I looked at both and opted for the Latok a few years ago.  the Latok is my hard shell for winter mountaineering, though i use it year round, sometimes, in the rain.  It runs small.  I usually wear XL but needed an XXL in the Latok.       

The Rab Stretch Neo is a lot different.  the cut is more like the Latok Alpine, and the fabric is quite light in some areas.  though it is a hard shell, the fabric has a little bit of stretch to it and is bonded to polartec neoshell.  I tried it on, really liked it, but opted for a Marmot Zion neoshell jacket last fall/winter/spring - which is really more of a soft shell.  my sense of the neoshell membrane:

-truly waterproof - i hiked full rainy days without getting soaked from the outside;

-does a nice job venting moisture, as well as or better than the comparable gore tex or eVent shells.  if you hike or climb or ski hard in any of these, though, you may sweat some.  really liked hiking in it so long as it wasn't too warm outside.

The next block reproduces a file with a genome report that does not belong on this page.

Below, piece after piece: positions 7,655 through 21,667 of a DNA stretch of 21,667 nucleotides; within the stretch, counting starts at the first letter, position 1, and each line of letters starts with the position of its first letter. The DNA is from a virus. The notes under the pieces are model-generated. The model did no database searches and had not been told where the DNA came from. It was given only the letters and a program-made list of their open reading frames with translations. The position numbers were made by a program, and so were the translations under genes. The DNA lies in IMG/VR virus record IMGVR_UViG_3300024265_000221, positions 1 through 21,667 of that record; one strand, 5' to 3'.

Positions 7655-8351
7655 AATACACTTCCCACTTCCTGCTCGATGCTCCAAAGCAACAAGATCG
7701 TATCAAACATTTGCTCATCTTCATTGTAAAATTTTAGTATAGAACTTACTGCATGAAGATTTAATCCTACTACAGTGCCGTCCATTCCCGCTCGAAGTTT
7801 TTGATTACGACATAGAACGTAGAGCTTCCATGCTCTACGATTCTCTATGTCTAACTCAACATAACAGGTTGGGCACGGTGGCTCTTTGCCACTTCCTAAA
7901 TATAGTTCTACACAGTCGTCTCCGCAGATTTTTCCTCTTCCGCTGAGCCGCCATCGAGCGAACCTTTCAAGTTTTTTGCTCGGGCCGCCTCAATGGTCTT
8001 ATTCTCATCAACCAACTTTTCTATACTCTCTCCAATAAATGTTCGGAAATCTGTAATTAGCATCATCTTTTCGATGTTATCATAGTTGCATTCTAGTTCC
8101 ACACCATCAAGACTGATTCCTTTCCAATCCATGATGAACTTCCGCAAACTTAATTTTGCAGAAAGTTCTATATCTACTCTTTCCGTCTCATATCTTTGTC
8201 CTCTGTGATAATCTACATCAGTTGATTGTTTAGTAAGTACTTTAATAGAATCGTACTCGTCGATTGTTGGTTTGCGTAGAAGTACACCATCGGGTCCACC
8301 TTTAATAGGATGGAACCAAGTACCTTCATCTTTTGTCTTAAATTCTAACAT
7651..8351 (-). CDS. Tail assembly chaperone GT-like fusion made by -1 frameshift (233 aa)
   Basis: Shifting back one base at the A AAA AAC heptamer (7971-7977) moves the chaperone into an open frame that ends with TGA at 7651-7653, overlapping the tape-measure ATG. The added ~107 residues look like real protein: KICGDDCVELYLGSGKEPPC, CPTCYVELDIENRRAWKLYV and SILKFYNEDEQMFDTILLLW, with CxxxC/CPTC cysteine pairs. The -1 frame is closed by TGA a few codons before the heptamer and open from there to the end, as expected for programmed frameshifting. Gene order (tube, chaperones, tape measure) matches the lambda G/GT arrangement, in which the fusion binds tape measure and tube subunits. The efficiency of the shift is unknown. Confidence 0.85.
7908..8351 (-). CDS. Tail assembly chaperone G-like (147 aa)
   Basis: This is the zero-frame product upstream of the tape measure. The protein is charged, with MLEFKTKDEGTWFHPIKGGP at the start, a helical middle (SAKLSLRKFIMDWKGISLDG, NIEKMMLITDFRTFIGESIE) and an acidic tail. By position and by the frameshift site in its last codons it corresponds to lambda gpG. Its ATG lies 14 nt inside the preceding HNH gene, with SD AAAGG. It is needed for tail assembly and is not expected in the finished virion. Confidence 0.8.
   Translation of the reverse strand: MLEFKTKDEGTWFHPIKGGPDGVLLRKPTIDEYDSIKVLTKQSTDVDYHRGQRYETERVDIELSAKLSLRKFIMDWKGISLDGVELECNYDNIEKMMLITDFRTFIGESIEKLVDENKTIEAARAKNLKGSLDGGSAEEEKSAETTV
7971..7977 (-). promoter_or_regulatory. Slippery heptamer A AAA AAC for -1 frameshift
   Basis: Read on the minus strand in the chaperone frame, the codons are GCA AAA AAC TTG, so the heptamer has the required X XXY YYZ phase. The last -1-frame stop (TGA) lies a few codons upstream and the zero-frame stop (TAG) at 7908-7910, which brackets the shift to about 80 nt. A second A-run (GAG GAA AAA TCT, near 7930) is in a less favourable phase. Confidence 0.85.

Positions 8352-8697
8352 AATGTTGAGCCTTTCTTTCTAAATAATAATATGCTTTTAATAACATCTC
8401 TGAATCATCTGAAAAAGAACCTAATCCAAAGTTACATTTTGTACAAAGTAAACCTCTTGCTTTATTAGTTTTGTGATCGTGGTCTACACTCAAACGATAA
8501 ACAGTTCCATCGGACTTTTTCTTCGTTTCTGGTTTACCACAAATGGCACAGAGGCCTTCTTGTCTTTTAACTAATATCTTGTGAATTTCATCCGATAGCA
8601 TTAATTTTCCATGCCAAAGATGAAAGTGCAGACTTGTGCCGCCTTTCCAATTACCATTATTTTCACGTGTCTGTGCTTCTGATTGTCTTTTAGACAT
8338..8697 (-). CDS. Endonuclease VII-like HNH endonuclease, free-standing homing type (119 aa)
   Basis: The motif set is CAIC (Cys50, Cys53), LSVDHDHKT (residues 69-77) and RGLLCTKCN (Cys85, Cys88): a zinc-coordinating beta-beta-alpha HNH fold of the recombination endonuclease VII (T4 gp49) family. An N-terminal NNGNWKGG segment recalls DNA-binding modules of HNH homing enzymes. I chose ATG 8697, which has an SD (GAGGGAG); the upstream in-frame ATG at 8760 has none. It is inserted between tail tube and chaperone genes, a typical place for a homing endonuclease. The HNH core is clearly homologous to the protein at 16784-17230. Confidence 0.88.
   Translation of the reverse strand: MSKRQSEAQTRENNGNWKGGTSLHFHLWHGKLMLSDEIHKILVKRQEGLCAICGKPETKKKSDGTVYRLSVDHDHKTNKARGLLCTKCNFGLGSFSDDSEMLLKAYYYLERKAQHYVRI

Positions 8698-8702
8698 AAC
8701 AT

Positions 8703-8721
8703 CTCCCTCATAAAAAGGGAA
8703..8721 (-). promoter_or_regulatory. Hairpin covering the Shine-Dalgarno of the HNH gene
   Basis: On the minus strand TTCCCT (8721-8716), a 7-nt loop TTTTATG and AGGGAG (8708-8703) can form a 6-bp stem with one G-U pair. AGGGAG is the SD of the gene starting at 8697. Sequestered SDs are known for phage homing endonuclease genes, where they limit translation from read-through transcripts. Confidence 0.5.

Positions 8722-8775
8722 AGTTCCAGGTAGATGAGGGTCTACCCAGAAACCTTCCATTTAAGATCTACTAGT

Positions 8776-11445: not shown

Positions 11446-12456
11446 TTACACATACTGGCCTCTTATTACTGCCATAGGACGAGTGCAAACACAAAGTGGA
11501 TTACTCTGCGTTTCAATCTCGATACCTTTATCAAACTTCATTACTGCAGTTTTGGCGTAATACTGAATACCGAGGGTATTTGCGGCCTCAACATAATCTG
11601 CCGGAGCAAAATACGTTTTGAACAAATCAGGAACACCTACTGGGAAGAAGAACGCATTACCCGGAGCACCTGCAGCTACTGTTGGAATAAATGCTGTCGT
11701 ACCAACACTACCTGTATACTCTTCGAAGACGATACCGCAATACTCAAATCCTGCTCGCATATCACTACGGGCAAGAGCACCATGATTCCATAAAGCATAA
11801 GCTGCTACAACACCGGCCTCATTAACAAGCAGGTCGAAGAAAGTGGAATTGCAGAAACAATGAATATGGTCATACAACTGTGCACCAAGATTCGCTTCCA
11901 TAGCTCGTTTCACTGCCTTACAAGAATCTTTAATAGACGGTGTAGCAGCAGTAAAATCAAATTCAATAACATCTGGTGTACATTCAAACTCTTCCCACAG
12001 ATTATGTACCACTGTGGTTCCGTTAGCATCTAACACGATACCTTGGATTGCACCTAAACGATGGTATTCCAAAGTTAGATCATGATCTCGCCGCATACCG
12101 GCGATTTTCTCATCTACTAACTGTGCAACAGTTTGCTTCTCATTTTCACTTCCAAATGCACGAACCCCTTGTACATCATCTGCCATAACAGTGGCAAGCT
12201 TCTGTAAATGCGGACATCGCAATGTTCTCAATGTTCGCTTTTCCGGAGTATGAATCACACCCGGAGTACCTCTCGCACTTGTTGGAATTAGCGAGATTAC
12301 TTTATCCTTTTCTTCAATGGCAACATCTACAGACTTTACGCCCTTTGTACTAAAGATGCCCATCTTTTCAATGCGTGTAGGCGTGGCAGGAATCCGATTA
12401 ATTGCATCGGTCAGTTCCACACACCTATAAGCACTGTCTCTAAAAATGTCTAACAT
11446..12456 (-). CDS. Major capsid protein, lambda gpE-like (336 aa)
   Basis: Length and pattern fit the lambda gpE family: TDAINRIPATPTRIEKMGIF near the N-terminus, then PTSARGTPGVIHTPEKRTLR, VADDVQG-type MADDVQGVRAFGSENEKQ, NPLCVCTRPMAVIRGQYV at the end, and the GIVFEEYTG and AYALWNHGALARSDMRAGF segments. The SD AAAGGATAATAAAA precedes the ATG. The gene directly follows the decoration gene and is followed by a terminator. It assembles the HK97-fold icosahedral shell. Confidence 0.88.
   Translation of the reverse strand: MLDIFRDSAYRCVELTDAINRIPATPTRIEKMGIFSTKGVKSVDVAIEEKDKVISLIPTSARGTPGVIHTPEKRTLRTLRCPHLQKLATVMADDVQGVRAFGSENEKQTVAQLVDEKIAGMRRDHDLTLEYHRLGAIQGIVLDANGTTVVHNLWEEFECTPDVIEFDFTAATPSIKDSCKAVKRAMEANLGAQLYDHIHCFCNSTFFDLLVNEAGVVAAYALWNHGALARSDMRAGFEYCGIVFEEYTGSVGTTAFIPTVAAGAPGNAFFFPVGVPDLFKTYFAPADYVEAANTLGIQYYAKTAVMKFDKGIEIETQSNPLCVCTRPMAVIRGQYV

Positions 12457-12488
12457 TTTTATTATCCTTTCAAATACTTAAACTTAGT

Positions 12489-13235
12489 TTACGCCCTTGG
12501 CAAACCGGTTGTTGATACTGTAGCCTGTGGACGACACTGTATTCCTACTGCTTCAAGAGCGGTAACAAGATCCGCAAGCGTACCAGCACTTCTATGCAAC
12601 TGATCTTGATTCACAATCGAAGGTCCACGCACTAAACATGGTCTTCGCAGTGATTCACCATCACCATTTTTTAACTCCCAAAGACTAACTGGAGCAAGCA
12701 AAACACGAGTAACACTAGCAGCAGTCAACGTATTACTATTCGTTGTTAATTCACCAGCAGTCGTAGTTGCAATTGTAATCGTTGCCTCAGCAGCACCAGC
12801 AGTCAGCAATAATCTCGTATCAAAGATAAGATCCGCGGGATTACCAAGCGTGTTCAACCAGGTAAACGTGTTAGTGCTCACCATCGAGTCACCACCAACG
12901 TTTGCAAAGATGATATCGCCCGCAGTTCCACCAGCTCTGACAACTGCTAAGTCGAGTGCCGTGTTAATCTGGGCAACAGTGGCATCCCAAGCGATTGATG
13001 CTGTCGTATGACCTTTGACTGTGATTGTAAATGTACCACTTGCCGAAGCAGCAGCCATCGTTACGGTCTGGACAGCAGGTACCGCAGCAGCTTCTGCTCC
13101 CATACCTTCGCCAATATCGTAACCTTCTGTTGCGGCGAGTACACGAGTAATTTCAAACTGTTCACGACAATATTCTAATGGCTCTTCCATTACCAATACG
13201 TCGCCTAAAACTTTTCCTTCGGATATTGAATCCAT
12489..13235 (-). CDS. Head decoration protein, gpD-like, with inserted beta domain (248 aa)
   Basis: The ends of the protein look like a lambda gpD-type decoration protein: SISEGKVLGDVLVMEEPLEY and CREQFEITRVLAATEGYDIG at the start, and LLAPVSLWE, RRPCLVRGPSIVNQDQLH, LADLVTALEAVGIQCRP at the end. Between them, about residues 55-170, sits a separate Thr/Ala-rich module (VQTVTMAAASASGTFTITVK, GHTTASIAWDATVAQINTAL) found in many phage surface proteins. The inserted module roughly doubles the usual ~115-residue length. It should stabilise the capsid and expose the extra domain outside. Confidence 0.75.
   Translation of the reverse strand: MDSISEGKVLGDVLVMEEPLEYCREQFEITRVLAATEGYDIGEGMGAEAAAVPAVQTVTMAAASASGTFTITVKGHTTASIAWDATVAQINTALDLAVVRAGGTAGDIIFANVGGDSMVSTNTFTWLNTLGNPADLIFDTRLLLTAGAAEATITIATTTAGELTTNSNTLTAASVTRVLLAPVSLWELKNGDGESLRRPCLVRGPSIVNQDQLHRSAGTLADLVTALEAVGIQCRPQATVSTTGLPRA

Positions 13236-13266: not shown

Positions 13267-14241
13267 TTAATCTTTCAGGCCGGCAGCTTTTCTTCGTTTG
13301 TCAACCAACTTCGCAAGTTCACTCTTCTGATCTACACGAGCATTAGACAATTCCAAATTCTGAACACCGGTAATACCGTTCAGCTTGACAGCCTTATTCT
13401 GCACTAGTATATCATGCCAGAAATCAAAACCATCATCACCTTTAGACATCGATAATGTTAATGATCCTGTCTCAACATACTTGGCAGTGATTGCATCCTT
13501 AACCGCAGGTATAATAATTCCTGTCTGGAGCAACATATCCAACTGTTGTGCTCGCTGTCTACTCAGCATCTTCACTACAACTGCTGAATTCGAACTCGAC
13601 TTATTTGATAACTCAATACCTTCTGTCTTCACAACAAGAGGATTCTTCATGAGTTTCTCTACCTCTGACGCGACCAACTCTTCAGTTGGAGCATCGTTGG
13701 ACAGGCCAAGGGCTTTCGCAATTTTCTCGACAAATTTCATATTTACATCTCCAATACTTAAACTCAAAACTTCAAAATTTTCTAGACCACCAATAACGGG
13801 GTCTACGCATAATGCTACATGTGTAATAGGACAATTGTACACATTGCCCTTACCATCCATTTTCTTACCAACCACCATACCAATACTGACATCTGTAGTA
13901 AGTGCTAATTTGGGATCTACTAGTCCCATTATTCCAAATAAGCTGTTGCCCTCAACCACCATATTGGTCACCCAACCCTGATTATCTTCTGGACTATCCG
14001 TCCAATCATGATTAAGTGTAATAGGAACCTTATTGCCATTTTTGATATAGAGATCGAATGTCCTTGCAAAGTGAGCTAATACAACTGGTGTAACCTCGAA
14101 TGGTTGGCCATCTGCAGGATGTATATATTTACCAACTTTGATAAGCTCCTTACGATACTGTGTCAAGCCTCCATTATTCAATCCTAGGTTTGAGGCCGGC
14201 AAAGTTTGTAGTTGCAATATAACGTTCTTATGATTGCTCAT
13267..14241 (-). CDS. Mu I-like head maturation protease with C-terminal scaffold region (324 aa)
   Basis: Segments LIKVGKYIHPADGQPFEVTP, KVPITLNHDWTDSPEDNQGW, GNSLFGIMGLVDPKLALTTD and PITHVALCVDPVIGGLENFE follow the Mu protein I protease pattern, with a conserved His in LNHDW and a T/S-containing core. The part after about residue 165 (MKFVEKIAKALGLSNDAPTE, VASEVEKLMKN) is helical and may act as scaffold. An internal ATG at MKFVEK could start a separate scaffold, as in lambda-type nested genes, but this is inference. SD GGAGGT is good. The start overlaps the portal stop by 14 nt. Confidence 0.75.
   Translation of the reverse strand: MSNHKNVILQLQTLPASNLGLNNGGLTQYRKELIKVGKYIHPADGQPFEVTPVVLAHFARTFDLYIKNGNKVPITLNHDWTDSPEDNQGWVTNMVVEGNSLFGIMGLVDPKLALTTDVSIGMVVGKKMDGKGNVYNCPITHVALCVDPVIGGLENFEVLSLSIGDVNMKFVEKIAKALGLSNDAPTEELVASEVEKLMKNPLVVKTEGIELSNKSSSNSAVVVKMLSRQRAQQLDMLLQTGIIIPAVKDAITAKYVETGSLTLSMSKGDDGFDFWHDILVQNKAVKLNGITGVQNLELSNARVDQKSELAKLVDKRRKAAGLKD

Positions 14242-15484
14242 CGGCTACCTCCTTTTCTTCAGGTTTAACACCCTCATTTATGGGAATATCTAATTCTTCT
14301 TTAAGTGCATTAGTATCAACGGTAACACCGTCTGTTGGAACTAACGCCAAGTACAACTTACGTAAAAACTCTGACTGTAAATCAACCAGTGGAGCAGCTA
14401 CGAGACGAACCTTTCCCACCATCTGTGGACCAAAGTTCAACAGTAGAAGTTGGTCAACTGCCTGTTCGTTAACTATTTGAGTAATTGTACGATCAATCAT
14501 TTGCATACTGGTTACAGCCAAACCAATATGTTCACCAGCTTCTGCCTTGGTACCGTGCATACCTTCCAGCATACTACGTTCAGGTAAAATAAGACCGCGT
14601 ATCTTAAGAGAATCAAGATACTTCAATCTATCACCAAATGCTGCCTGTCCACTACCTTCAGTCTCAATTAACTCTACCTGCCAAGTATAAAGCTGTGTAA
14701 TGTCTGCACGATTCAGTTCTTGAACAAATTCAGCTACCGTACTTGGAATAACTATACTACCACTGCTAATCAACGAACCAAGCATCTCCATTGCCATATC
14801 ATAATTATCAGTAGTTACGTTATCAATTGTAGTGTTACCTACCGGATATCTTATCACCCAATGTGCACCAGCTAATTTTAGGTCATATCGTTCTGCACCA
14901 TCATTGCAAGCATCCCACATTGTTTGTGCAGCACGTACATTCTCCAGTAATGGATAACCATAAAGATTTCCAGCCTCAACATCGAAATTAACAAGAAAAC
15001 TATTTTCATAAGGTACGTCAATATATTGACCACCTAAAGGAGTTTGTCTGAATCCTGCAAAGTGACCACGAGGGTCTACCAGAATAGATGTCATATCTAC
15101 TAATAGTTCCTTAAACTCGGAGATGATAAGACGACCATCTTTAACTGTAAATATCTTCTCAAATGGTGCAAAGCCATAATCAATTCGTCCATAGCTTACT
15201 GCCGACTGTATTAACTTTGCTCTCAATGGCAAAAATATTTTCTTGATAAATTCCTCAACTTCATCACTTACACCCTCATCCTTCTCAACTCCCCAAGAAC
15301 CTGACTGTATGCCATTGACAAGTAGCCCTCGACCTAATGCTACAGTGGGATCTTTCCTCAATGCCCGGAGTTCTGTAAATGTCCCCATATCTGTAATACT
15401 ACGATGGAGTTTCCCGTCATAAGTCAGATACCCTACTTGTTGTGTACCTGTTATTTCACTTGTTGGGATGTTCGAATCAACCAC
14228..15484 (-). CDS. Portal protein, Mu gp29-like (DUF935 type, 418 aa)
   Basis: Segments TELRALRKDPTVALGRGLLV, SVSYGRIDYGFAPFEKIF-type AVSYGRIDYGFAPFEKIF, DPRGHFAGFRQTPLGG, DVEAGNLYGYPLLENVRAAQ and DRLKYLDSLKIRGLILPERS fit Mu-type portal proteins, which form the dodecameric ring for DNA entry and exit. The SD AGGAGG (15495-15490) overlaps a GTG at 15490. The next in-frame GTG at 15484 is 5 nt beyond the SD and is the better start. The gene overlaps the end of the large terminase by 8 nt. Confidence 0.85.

-because neoshell is so good at venting moisture and allow a little bit of air to penetrate, it is slightly less wind-resistant than some other options....though keep in mind that i was wearing a soft shell, and the stretch neo is more of a hard shell.  that might make a difference.

Bottom line for a jacket, my opinion? You can't go wrong with gore tex pro shell or eVent, or with arcteryx, rab, marmot, patagonia.  the high-end gore tex pro shell mountain shells (marmot alpinist, arcteryx alpha, Patagonia super alpine) are top notch - but they are very costly, and i had trouble finding them at any meaningful discount.  i would go with whatever combination of fit, features, and price suits you best. 

Neoshell is very nice and works really well - a waterproof solution that will not leave you drenched from the inside, and the fact is has a little stretch or 'give' is a real plus if you are very active.  it is sufficiently new that it's hard to assess whether it is durable over the long haul, and bonded to a soft shell, it would not be my choice on a really windy cold day (but it might be fine in how Rab used it with the stretch neo, which has gotten some very strong reviews). 

April 23, 2014